When you have both a substance abuse problem and a mental health issue such as depression, bipolar disorder, or anxiety, it is called a co-occurring disorder or dual diagnosis. In a dual diagnosis, both the mental health issue and the drug addiction have their own unique symptoms that may get in the way of your ability to function, handle life’s difficulties, and relate to others.
To make the situation more complicated, the co-occurring disorders also affect each other and interact. When a mental health problem goes untreated, the substance abuse problem usually gets worse as well. And when drug abuse increases, mental health problems usually increase too.
Addiction is common in people with mental health problems. But although substance abuse and mental health disorders like depression and anxiety are closely linked, one does not directly cause the other.
Unfortunately, substance abuse causes side effects and in the long run worsens the very symptoms they initially numbed or relieved.
Mental disorders are caused by a complex interplay of genetics, the environment, and other outside factors. If you are at risk for a mental disorder, drug abuse may push you over the edge.
Substance abuse may sharply increase symptoms of mental illness or trigger new symptoms. Drug abuse also interacts with medications such as antidepressants, anti-anxiety pills, and mood stabilizers, making them less effective.
According to reports published in the Journal of the American Medical Association:
It can be difficult to diagnose a substance abuse problem and a co-occurring mental health disorder such as depression, anxiety, or bipolar disorder. It takes time to tease out what might be a mental disorder and what might be a drug or alcohol problem.
Complicating the issue is denial. Denial is common in substance abuse. It’s hard to admit how dependent you are on drugs or how much they affect your life. Denial frequently occurs in mental disorders as well. The symptoms of depression or anxiety can be frightening, so you may ignore them and hope they go away. Or you may be ashamed or afraid of being viewed as weak if you admit the problem.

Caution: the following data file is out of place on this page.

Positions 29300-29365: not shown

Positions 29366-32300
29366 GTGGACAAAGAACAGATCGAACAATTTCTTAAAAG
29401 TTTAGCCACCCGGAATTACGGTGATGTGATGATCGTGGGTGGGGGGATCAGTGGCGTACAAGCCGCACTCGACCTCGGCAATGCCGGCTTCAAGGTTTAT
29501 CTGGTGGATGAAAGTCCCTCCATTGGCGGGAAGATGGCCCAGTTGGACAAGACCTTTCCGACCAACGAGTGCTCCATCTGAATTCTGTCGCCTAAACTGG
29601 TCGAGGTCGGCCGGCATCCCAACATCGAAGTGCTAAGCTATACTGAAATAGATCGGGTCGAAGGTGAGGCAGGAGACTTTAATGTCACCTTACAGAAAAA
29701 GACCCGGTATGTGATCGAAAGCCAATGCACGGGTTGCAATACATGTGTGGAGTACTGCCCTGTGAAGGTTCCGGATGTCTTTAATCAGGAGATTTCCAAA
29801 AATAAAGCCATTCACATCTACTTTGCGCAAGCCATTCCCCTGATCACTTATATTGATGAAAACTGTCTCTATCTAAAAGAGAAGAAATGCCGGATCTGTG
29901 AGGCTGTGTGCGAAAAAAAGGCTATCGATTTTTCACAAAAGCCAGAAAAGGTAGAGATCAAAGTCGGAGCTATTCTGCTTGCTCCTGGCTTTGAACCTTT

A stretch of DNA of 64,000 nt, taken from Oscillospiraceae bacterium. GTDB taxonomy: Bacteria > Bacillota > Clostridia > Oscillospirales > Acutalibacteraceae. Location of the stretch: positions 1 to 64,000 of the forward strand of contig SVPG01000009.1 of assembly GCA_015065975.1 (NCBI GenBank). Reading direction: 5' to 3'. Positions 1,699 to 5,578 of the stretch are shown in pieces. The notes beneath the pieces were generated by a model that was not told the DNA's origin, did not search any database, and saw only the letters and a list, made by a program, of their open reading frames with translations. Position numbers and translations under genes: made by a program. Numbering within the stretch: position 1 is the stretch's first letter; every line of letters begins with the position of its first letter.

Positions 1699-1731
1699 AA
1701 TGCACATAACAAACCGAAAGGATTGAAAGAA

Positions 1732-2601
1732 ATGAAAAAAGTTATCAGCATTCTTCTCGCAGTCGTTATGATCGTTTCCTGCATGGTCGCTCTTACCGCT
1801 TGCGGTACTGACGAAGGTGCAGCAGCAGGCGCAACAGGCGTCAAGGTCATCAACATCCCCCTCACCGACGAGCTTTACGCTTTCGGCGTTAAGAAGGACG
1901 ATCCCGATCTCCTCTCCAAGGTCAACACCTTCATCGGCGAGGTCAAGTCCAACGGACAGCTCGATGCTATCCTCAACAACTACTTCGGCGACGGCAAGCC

Four Rivers Behavioral Health (FRBH) offers a variety of substance abuse programs for both adults and adolescents. Their Specialized Addiction Services offers additional substance abuse treatment programs.
An Intensive Substance Abuse Program is available for those involved in the court system, have a history of legal problems related to substance abuse or have failed at other treatment efforts. Specifically, they offer Hazelden Betty Ford’s COR-12 Program as part of the many substance abuse treatment options available to our clients.
COR is the acronym used for Comprehensive Opioid Response and the 12 signifies the importance of including a Twelve Step component with treatment. The program has an option for medically assisted treatment in conjunction with substance abuse counseling.
Visit http://4rbhaddictiontreatment.org to learn how to get help.
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